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Taglines: What they are and how to use them

Categories: Guidelines, GV Guides, Writing Tips

In February Jer published a blog post [1] announcing a great new addition to the GV WordPress interface: the post validation checklist.

Located to the right of the composition pane, the checklist keeps track of word count and reminds us to include a headline, an excerpt and one other feature that we haven't used much here at GV: a tagline.

Taglines are not mandatory on GV stories, but a good one can heighten engagement in a story by arousing the reader's interest.

About taglines

The tagline is the line just beneath the headline. It's also known as a subhead, strapline, or dek.

Our WordPress setup automatically limits the length of both excerpts and taglines—in the case of taglines the limit is 10 words. This makes them sometimes challenging to craft, but understanding the purpose of taglines and how they should work helps simplify the process.

The headline and tagline should work together as a unit. A good tagline:

A tagline is NOT:

Here are a few examples:

In the post [2] below, Afef reported on two bloggers in Mauritania who are facing criminal defamation charges for reporting on corruption. Given the seriousness of the issue and the brevity of the story, we chose a short, simple headline.

[2]

For the tagline, we selected one additional detail from the story that vividly illustrates the bloggers’ plight. Not only are they on trial, but it's been reported that they're not being treated fairly or given due process. One telling detail is that the prosecutors have offered no evidence to prove their case against the bloggers: they say that they had found evidence, but that it has since been “lost.” We used that detail in the tagline.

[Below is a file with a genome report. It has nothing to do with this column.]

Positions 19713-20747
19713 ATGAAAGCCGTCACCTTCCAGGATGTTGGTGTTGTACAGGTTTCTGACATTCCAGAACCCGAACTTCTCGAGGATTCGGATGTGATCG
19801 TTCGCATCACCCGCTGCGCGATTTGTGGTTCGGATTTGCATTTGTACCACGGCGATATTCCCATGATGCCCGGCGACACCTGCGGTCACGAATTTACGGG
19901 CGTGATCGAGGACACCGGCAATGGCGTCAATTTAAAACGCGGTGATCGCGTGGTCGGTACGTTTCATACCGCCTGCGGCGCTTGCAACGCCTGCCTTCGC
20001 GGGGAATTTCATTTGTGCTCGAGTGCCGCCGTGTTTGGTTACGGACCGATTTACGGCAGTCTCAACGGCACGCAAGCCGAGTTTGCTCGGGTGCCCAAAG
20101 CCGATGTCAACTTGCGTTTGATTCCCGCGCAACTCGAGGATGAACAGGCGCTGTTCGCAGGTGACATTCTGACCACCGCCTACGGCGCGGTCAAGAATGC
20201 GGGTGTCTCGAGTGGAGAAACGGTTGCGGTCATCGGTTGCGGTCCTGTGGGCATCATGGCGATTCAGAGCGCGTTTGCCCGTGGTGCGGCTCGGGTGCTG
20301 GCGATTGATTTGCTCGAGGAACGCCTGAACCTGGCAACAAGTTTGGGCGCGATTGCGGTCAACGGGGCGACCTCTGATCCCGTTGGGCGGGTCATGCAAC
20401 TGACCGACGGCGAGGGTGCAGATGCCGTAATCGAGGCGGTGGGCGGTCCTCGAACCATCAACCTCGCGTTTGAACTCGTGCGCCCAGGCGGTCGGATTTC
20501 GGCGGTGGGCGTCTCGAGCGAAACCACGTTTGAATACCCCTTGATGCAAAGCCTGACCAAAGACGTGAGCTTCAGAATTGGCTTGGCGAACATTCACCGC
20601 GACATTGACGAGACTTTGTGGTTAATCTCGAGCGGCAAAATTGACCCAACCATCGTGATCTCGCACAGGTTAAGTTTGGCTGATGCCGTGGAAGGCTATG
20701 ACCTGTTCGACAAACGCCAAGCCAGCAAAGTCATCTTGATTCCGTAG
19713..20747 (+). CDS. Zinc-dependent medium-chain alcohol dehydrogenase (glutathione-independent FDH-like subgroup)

HEADLINE: Mauritanian bloggers face defamation charges for reporting on corruption

TAGLINE: Prosecutors claim that evidence against the bloggers has been ‘lost’.

 

For this first-person piece [3] by Laura Vidal, about GV contributor Luis Carlos Díaz, we chose a playful headline intended to attract readers by referencing a popular the ‘welcome to the internet’ [4] meme.

[5]Note the subtle interplay between the two elements. The headline mentions only their first names, references the popular meme, and also lets us know that this is about Venezuela. The tagline then reveals that Luis and Naky are a couple, and that they are influential voices online in Venezuela.

The header photo works along with the other two elements to convey further information about the pair: namely, that they're young and that their work includes elements of humour and whimsy. It invites the reader to get to know them.

HEADLINE: Welcome to the Venezuelan Internet. Luis Carlos and Naky will be your guides.

TAGLINE: Meet Venezuela’s internet power couple.

 

In this story [6] by Alexey, the tagline adds a new and unexpected detail that complements a headline that's already delivering a lot of information.

[7]

HEADLINE: Rumors of Russia's first ‘fake news’ case against a media outlet might just be fake news

TAGLINE: The false story claimed authorities had banned yoga in prisons.

 

For your next GV story, give taglines a try!